HEARTBEATS Most boring threesome ever.

FOR CINEMATIC GUILTY PLEASURES, you can't beat a French film about a love triangle. And sure, technically Heartbeats is French Canadian, but it's as pretty and stylish as any of its new wave antecedents.

Marie (Monia Chokri) and best friend Francis (Xavier Dolan, who also directs) fall hard for the same boy, the undeniably beautiful Nicolas, whose physical resemblance to an Adonis statue does not go unmentioned. Nicolas' sexuality is ambiguous and his interest in the duo is unclear; as Marie and Francis jostle for his favor, their own friendship begins to erode.

The finest elements of Heartbeats exist in the tension between how Marie and Francis see themselves and how they're perceived. Francis models his hairstyle after James Dean; Marie favors elegant updos, pearls, and vintage dresses. They stand out at a party like aliens or time travelers, clashing with the T-shirts and Oxfords worn by Nicolas and his friends.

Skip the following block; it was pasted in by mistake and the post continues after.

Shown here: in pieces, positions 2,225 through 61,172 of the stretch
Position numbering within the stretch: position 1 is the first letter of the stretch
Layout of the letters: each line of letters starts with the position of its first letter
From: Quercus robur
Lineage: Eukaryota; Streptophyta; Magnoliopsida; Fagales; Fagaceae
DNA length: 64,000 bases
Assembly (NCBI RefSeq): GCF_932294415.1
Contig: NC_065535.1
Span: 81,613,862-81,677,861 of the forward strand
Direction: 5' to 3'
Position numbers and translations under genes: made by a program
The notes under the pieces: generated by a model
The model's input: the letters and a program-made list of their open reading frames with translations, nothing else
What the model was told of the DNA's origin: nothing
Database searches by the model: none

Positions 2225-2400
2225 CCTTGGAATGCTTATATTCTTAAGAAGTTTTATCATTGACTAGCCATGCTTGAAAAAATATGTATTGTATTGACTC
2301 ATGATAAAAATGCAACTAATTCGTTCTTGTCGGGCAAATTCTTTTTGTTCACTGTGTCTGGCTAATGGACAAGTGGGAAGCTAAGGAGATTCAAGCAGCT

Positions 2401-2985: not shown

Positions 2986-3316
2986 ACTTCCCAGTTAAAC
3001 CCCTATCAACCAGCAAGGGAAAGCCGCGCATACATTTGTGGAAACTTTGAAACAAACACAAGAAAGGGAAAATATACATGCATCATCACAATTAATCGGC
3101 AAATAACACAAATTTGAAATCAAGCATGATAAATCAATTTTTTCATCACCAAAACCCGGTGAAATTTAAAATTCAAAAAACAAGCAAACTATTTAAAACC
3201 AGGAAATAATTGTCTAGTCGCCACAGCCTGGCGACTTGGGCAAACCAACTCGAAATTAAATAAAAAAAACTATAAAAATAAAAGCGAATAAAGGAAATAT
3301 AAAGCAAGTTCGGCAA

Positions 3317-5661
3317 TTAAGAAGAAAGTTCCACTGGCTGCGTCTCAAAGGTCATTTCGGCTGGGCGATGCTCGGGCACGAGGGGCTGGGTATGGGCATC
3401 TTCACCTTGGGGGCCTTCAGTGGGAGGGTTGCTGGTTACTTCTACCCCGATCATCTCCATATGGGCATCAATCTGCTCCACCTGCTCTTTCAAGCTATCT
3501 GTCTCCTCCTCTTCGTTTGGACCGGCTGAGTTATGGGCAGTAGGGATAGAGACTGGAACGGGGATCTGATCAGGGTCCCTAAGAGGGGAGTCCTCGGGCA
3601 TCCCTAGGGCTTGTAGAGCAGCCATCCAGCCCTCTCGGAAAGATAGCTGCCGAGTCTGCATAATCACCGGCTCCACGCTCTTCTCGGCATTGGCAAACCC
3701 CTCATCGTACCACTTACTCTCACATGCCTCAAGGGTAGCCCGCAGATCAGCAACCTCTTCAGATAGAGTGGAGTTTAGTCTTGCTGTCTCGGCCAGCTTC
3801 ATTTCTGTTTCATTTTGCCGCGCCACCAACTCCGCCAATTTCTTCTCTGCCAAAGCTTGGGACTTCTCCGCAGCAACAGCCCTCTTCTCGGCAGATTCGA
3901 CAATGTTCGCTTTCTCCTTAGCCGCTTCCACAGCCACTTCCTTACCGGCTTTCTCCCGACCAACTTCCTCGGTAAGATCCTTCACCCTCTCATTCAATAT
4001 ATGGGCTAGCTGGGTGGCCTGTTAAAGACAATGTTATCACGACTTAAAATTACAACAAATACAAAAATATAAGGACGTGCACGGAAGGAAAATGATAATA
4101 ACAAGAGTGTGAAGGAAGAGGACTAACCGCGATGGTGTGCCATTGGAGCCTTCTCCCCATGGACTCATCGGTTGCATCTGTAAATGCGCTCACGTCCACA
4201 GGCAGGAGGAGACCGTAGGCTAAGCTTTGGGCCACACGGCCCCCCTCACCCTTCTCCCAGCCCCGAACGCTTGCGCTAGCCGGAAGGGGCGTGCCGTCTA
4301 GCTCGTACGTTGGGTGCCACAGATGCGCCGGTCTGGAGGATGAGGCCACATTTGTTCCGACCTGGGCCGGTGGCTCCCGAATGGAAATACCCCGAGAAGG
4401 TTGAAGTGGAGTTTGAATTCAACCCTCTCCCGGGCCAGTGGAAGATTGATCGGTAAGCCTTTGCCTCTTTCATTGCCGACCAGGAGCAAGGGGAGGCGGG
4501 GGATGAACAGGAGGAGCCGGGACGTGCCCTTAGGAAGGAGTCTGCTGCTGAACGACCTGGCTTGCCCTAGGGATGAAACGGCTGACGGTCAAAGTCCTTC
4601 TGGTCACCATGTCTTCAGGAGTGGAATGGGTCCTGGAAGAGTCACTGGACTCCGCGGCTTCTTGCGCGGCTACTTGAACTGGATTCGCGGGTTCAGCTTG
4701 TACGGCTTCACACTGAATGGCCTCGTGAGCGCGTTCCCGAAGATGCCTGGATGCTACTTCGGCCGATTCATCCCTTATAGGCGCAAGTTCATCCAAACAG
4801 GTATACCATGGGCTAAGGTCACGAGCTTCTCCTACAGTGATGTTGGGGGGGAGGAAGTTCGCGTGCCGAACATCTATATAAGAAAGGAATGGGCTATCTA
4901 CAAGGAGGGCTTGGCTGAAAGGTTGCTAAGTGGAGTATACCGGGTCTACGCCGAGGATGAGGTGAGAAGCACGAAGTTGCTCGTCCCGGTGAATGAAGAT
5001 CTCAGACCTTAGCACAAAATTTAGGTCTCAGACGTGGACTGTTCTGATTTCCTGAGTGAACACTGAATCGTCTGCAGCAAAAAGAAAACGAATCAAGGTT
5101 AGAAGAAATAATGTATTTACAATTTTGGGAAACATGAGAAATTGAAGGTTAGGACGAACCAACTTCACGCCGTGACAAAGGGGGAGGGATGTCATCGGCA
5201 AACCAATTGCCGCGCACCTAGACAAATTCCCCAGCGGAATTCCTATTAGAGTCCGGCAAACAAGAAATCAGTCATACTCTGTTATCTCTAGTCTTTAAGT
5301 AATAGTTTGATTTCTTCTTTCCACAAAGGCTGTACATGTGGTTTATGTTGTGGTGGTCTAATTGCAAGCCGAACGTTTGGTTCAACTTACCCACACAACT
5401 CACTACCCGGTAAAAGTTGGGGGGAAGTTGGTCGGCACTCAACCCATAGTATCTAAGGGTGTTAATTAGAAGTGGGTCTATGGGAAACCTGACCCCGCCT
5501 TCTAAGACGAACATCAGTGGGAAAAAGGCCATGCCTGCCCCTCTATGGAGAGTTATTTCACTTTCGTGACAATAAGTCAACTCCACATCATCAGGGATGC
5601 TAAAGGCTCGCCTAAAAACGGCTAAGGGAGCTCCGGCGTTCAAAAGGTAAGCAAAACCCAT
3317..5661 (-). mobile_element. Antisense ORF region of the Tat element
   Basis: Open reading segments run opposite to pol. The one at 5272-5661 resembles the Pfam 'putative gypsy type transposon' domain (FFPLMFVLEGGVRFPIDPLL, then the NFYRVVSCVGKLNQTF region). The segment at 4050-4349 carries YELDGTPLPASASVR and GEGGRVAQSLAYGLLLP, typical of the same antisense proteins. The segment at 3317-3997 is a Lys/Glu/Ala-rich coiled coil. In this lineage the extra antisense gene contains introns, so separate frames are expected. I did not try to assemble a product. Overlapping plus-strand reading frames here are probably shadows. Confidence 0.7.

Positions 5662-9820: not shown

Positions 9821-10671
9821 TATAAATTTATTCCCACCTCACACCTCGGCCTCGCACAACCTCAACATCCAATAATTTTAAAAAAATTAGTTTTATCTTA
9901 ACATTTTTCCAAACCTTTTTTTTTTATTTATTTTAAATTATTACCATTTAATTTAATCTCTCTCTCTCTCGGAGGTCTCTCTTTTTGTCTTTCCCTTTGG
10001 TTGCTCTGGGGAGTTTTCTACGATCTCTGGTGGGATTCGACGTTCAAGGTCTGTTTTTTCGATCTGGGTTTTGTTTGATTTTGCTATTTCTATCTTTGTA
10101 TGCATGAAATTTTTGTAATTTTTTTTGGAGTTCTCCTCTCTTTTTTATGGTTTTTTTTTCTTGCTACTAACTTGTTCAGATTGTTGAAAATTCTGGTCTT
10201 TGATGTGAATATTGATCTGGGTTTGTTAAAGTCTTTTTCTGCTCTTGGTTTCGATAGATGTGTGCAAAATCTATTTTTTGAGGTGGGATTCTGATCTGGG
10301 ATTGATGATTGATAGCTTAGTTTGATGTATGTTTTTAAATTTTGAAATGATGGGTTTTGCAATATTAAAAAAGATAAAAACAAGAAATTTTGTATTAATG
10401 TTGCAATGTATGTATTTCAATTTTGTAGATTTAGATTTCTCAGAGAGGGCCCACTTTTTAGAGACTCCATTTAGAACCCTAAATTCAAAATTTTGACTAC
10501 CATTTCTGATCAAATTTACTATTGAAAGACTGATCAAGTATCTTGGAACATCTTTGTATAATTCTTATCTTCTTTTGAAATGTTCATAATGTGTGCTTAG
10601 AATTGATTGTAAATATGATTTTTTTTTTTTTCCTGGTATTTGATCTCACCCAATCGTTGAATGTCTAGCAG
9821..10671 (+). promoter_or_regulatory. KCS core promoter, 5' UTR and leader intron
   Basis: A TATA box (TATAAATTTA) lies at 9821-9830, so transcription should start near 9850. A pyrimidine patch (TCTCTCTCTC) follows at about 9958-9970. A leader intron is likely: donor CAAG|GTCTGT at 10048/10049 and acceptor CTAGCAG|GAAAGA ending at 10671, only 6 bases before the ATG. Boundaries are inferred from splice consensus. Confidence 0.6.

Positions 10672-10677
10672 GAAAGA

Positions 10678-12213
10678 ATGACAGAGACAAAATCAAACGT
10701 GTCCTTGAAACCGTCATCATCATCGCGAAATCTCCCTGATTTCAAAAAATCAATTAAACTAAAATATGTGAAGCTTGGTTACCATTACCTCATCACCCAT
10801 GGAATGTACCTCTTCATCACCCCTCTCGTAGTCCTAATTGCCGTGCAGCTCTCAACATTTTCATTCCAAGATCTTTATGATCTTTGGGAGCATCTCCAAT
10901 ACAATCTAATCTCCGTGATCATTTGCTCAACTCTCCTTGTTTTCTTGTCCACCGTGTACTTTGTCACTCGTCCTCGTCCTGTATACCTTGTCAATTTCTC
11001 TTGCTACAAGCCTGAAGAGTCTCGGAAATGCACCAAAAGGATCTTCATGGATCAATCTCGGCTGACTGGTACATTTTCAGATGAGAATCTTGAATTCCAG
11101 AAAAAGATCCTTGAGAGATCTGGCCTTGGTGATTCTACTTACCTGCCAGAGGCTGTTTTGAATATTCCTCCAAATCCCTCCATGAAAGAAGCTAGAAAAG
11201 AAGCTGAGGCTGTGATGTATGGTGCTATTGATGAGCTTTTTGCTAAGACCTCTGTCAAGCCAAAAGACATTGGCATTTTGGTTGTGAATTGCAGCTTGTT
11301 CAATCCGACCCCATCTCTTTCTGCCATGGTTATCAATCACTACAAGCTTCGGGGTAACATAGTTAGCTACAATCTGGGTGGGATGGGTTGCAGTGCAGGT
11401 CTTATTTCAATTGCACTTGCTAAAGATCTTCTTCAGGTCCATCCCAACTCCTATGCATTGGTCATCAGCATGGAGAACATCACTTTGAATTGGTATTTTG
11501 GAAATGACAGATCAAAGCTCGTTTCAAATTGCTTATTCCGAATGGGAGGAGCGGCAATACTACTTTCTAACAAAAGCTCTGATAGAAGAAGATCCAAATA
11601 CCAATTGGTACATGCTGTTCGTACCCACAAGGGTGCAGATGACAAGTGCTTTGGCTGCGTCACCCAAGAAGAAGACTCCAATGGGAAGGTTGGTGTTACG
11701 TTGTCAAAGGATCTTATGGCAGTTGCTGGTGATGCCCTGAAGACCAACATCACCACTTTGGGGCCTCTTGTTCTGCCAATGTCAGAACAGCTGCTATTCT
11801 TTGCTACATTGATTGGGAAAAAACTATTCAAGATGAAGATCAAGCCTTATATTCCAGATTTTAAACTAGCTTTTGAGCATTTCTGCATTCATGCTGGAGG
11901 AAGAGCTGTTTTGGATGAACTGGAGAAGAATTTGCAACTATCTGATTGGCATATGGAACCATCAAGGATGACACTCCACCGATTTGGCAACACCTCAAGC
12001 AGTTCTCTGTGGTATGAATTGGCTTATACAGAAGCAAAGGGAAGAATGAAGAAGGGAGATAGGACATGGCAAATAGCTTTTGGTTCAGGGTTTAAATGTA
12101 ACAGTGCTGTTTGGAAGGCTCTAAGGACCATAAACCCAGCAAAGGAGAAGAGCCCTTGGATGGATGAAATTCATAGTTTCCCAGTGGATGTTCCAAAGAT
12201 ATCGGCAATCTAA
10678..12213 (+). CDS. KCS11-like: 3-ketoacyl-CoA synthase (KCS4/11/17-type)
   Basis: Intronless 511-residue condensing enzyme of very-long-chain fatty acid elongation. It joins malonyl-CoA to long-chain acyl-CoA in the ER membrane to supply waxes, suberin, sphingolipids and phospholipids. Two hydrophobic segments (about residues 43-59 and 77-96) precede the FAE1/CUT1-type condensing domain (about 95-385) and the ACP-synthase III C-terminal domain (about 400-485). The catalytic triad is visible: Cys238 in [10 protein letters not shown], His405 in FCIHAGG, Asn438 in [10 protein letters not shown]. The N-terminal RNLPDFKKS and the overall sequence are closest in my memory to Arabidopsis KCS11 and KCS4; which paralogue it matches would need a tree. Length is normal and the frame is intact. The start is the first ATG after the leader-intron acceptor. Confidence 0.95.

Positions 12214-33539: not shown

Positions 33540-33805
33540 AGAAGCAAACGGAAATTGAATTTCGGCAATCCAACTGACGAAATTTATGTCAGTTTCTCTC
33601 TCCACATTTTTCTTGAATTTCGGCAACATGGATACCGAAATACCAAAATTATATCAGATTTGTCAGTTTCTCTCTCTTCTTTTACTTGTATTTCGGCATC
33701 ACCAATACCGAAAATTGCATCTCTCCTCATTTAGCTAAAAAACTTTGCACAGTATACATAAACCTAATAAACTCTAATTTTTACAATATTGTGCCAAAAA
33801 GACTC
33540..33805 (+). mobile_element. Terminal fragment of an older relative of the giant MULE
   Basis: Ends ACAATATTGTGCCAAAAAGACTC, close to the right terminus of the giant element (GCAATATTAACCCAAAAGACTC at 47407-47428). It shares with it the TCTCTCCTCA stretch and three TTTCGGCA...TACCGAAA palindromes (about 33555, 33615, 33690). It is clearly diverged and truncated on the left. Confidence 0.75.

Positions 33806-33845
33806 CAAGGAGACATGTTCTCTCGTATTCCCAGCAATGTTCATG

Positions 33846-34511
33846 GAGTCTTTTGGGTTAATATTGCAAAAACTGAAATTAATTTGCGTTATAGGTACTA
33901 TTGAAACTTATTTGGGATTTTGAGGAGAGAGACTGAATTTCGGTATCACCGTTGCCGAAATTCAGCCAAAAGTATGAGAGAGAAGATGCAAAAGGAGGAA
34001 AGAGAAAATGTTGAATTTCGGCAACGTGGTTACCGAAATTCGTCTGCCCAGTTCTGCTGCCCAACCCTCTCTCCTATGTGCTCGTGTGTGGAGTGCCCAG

Like its characters, Heartbeats maintains an inner tension between pure, deliberate spectacle, and the messy intrusions of reality. For the most part, it's carefully composed and stylish, Dolan's camera fetishistically panning across the surfaces of his beautiful cast. But it's also about two jealous friends, frightened of intimacy and driven by loneliness to compete over the same boy, and occasionally Dolan interrupts his own aesthetic to remind the audience of just that fact. In the world of Heartbeats, appearances are armor, and it's fascinating to watch them crack.